Editorial: Double standards

·2 min read

The Philippine National Police (PNP) has been caught in a social media storm of angry netizens for its failure to arrest the sports utility vehicle driver who hit and ran over security guard Christian Joseph Floralde in Mandaluyong City. A team of police officers pursuing the driver, later identified as Jose Antonio Sanvicente, failed to capture him as it was stopped by the guards of the subdivision where Sanvicente and his family live.

If the warrantless arrest happened at the time, it could be justified as a “hot pursuit operation.” Police did not force their way inside the residential area obviously resided by people who do not belong to the margins.

Sanvicente surrendered to the police on June 15, 2022, 10 days after the hit-and-run incident last June 5. He publicly apologized to Floralde, who luckily survived the incident.

This case could be compared to an incident that happened in Barangay Casili, Consolacion town, Cebu on the evening of June 5: the murder of Staff Sergeant Careby-Clyde Alinsug.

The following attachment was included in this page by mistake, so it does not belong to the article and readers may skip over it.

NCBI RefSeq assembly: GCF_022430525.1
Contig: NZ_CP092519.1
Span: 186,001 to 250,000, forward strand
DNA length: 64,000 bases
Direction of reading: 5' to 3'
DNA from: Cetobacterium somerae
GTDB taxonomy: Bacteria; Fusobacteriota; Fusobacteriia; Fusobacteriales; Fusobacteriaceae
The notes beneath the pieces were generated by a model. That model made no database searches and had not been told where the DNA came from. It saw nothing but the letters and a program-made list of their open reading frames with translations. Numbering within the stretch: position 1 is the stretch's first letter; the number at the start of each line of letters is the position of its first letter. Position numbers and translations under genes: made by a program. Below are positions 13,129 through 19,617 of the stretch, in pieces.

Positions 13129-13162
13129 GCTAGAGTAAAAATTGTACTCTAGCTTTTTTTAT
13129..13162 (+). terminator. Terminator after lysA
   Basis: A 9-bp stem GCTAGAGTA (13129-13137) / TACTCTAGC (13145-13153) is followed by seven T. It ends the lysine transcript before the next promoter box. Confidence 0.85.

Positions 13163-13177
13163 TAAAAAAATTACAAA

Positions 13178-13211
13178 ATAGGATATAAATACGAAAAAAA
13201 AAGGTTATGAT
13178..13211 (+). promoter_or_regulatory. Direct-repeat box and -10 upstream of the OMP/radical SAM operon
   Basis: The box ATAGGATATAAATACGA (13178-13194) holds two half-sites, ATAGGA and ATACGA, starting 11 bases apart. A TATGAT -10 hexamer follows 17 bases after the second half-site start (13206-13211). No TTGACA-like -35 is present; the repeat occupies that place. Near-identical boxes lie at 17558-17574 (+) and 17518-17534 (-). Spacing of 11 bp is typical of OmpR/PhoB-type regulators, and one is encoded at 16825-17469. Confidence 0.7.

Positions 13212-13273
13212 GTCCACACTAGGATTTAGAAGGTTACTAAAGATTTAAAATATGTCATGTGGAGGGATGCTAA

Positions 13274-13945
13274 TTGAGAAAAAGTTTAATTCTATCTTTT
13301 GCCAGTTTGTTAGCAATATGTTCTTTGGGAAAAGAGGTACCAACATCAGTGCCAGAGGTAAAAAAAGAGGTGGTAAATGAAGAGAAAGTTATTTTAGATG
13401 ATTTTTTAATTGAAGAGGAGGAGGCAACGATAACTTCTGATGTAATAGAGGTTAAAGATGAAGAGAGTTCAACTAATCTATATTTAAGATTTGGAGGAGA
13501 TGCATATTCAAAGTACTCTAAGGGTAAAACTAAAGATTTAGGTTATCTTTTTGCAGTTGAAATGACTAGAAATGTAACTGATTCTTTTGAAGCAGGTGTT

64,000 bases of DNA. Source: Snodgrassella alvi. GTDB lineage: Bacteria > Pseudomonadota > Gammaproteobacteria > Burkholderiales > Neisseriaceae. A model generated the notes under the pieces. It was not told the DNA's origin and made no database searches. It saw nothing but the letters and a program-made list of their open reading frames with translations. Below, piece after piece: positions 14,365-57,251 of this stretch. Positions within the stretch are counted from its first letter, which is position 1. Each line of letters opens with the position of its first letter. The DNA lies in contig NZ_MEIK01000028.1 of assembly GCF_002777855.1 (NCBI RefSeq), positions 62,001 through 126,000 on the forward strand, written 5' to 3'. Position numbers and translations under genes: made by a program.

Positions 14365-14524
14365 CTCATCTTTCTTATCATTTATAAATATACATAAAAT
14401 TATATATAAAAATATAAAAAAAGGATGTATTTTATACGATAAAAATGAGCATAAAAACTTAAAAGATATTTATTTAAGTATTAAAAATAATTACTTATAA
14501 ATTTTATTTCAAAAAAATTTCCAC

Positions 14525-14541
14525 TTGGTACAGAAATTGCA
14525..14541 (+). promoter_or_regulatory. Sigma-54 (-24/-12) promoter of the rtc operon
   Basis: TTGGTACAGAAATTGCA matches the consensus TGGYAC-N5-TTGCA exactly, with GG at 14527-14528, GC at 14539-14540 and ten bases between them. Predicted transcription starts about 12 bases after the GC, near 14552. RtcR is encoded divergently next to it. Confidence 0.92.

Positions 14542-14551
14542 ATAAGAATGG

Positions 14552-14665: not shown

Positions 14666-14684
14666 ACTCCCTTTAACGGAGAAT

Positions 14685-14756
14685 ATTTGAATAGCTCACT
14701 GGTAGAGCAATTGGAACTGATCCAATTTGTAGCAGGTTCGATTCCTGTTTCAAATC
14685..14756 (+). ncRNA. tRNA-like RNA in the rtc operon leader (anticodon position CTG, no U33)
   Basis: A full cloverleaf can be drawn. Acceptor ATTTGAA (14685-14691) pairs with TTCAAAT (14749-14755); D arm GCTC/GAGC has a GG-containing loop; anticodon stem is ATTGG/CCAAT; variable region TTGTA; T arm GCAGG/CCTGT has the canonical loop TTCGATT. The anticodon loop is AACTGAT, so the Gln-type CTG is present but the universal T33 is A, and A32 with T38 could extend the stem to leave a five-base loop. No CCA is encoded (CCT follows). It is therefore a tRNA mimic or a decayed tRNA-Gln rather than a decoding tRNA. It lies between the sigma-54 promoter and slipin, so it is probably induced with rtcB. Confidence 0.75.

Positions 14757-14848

Alinsug, a member of the Consolacion police’s anti-narcotics unit, was killed by Reynaldo “Tatskie” Ydil, who was later tagged by the local police as a member of a drug syndicate in Central Visayas. After learning about Alinsug’s death, operatives of the Cebu Police

Provincial Office (CPPO) immediately formed a team and pursued Ydil, who ended up dead after he reportedly engaged the police in a gunfight in Cebu City on June 6.

The CPPO said the police officer along with a civilian asset had been conducting surveillance on illegal activities in Casili when the shooting occurred, killing Alinsug and wounding the asset.

Not to demean the death of Alinsug who died in the line of duty, but the PNP leadership must be asked: Why was the CPPO quick to neutralize the suspect? Was it because it involved one of its men who succumbed to a brutal fate?

Netizens have the right to get mad at the PNP for its failure to apprehend Sanvicente hours after the hit-and-run incident in Mandaluyong because they know it is easy for its operatives to raid a poor neighborhood.

A blindfolded Lady Justice symbolizes this: Justice must be rendered without any prejudice to ensure a fair result.

The PNP, as an organization, is not blindfolded. It can see injustices, criminal activities but it sometimes either closes its eyes or looks in a different direction when powers that be or people in high society are accused of being involved in unlawful acts.

It is an injustice if an institution tasked to enforce laws plays blind or practices double standards.

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